Scientists at the Virginia Tech Carilion Research Institute discovered how mutations of a gene called CASK may cause genetic disorders such as microcephaly and postnatal intellectual disabilities.
The research team, led by Assistant Professor Konark Mukherjee, found that when the CASK gene is deleted from cells, the cells have a shorter lifespan but more importantly they affect the health of normal cells around them.
“We found evidence that the CASK plays a role in regulating brain growth,” Mukherjee said. “A mutated CASK gene can lead to atrophy, even in neighboring brain cells without the mutation.”
Mukherjee and his team published the results from two studies in Cellular and Molecular Life Sciences and in Acta Neuropathologica Communications. The results, found in mouse models for human brain disorders, suggest a potential therapeutic target for interventions to possibly to prevent abnormalities associated with CASK gene mutations, such as autistic traits, intellectual disabilities, and Ohtahara syndrome.
The findings also shed light on microcephaly, a condition in which improper development results in an abnormally small brain and head. The condition has become more commonly known recently because of its association with contraction of Zika virus by pregnant women.
CASK proteins, which are produced by expression of the CASK genes, pull in other proteins to form a larger complex. But CASK genes can be genetically mutated and give rise to CASK proteins with altered structure and function. Those proteins don’t communicate properly, and they can lead to abnormal formation and function of synaptic connections between developing neurons and other effects on metabolism in the immature brain, contributing to intellectual disability and disorders such as microcephaly, disproportionate pontine, and cerebellar hypoplasia syndrome.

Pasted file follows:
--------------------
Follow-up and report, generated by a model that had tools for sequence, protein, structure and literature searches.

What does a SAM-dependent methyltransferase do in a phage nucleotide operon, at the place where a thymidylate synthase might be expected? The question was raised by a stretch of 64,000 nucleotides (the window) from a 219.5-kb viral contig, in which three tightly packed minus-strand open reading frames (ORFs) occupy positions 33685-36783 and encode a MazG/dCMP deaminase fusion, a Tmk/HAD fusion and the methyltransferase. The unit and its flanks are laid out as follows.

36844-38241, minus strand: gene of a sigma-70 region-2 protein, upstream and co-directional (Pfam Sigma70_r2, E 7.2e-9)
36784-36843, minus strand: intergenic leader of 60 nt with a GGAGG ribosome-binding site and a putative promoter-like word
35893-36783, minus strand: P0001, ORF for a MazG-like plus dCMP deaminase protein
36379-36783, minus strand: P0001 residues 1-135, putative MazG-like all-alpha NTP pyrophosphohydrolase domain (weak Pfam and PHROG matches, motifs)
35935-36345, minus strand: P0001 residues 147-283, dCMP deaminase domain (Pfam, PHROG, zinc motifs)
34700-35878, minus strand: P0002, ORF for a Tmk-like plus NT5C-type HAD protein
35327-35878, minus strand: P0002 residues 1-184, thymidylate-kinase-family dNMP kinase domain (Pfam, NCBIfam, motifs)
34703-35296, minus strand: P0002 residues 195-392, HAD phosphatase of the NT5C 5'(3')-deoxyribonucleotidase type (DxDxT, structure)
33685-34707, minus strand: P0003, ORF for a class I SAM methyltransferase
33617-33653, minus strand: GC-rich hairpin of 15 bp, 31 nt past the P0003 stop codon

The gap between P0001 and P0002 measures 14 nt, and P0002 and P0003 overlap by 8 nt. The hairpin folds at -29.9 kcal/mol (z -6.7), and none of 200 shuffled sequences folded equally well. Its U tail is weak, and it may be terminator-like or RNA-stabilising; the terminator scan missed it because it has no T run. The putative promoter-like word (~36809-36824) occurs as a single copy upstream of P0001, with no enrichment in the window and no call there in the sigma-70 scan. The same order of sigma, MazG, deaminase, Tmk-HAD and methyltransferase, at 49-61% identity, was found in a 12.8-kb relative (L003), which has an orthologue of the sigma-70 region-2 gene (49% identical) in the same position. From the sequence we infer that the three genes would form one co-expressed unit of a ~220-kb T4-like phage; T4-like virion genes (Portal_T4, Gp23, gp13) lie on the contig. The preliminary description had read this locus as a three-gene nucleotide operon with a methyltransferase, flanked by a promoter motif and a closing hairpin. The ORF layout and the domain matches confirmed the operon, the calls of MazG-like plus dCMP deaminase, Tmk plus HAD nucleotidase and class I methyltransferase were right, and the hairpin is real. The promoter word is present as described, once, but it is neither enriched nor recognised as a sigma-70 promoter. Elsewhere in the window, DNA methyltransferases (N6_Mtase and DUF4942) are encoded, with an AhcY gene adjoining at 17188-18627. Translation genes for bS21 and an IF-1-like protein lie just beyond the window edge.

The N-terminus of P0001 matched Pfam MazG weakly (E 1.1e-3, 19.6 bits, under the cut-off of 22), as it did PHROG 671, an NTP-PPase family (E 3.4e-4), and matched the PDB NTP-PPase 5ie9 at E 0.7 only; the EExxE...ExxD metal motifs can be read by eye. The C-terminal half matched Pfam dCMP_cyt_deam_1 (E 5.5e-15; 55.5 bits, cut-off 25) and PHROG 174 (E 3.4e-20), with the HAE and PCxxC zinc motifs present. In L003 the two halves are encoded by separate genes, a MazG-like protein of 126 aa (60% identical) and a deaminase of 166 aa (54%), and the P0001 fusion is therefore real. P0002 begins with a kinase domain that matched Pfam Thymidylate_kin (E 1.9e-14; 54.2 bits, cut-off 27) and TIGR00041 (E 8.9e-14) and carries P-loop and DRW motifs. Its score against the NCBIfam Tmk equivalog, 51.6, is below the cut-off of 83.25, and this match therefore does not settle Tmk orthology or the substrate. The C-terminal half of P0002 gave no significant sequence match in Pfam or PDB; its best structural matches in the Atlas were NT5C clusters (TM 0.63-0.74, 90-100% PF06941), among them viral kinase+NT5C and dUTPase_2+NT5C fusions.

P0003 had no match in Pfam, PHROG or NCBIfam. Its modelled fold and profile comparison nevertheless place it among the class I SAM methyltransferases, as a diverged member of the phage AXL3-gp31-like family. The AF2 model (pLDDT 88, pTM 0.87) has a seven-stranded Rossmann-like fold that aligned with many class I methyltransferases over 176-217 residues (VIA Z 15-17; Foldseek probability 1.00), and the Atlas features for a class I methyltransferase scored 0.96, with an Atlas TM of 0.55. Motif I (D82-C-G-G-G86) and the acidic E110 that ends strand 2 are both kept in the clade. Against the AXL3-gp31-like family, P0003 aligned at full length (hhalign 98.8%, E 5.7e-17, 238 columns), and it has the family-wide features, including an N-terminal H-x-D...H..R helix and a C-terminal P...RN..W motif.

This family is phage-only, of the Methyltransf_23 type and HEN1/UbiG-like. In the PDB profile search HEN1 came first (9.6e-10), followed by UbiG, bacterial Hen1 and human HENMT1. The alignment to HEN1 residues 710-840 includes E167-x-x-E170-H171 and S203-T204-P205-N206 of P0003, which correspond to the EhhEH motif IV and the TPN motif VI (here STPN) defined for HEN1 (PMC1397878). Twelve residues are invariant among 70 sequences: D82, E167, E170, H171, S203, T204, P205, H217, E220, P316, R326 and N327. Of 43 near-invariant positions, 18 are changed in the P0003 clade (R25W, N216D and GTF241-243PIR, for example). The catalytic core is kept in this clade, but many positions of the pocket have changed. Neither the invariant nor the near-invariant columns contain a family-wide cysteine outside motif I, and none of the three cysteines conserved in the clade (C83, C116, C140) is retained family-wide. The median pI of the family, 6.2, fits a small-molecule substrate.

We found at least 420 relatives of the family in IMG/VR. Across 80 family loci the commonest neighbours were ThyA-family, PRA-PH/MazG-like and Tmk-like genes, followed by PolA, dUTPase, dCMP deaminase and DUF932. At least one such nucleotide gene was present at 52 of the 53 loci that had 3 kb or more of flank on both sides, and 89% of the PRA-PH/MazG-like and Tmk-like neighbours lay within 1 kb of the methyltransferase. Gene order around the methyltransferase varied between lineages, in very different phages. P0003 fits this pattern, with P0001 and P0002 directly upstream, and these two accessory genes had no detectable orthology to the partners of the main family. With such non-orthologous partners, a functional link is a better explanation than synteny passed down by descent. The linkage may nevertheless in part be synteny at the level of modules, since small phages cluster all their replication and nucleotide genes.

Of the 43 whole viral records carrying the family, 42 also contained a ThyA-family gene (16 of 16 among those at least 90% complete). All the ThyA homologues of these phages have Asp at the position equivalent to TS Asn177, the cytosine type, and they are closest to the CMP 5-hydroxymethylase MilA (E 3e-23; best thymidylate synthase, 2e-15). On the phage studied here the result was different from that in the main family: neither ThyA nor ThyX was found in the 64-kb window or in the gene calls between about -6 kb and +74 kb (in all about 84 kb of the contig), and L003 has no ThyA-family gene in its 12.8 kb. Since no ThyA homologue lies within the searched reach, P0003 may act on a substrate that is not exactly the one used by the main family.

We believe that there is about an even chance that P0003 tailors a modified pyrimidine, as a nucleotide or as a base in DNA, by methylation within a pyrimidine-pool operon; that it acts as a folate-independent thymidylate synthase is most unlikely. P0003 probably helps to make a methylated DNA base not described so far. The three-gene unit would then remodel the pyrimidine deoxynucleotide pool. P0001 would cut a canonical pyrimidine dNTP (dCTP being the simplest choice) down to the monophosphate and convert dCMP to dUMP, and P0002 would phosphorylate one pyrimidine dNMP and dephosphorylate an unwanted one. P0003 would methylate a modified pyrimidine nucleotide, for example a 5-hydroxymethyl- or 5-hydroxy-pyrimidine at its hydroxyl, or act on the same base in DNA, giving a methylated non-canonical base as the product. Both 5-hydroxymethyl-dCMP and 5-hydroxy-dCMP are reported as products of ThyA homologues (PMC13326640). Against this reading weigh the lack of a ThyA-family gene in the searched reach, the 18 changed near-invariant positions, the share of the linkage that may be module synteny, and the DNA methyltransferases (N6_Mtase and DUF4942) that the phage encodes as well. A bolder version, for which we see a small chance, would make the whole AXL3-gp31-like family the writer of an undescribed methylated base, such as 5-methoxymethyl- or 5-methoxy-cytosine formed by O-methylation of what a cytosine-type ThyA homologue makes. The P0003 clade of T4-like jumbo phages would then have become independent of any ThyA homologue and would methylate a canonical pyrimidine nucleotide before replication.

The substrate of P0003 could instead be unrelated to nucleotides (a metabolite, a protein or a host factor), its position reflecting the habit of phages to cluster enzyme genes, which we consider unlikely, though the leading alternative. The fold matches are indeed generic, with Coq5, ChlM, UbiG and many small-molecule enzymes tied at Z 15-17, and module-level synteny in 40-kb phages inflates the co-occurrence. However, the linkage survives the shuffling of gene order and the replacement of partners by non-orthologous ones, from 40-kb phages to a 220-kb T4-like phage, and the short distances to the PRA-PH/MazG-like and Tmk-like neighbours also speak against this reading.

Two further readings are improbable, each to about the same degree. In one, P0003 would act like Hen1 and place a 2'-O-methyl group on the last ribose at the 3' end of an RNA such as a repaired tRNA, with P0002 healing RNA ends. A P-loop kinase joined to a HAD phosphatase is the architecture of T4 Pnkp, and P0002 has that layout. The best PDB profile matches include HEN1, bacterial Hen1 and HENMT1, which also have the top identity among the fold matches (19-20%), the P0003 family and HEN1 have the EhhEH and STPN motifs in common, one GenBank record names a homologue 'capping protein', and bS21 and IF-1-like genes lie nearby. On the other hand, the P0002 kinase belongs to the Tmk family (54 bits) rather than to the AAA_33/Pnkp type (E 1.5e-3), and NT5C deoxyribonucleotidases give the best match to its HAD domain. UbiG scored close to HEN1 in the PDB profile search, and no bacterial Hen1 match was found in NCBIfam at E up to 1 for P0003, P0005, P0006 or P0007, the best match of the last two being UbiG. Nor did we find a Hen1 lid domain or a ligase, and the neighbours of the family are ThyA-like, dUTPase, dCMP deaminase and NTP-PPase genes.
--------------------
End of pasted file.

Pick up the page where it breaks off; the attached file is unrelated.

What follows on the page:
Funded in part by the National Eye Institute of the National Institutes of Health, Mukherjee and his team examined rodents engineered without functional CASK genes, expecting to see the same sort of pathologies that result from mutated CASK proteins.
“We actually found that microcephaly, disproportionate pontine, and cerebellar hypoplasia syndrome is not purely neuronal in origin, although it’s clear that a lack of neuronal CASK function contributes to a spectrum of disorders,” Mukherjee said. He noted that rodents with CASK mutations also showed defects in brain metabolism — the brain’s ability to efficiently create energy from sugar.
The disproportionate cerebellar hypoplasia appears to be a matter of timing.
“Microcephaly, disproportionate pontine, and cerebellar hypoplasia syndrome have a major postnatal component,” Mukherjee said. “Our study provides evidence that the CASK gene regulates brain growth after birth, and that it conducts regulation in other cells, as well.”
The process by which the CASK gene regulates brain growth may be the key to preventing abnormal growth. Mukherjee said he doesn’t have the answer yet, but he’s on his way to understanding the role of CASK in brain growth regulation. It has to do with interactions with other proteins.
CASK proteins interact with three other proteins that are localized in the front end of the synaptic communication points between neurons — the presynaptic site. Like eggs, flour, and milk need to be mixed and heated to make a cake, CASK pulls together and arranges the other proteins. Mukherjee and his team propose that the CASK protein plays a critical structural role to link some of these proteins in a way that sends the correct chemical signals needs for signaling from the presynaptic site to the postsynaptic site, allowing effective cellular communication.
The environment appears to regulate the interactions of the CASK complex. An increase in certain ions, such as calcium or magnesium, encourages the proteins to join together and help control the chemical signals neurons send to one another across synapses. A mutated CASK protein prevents this type of regulation and may result in abnormal brain growth and intellectual disability.
“This is a strong first step in understanding how the proteins work together to adjust the chemical communication in the brain, and how that might affect brain growth,” Mukherjee said.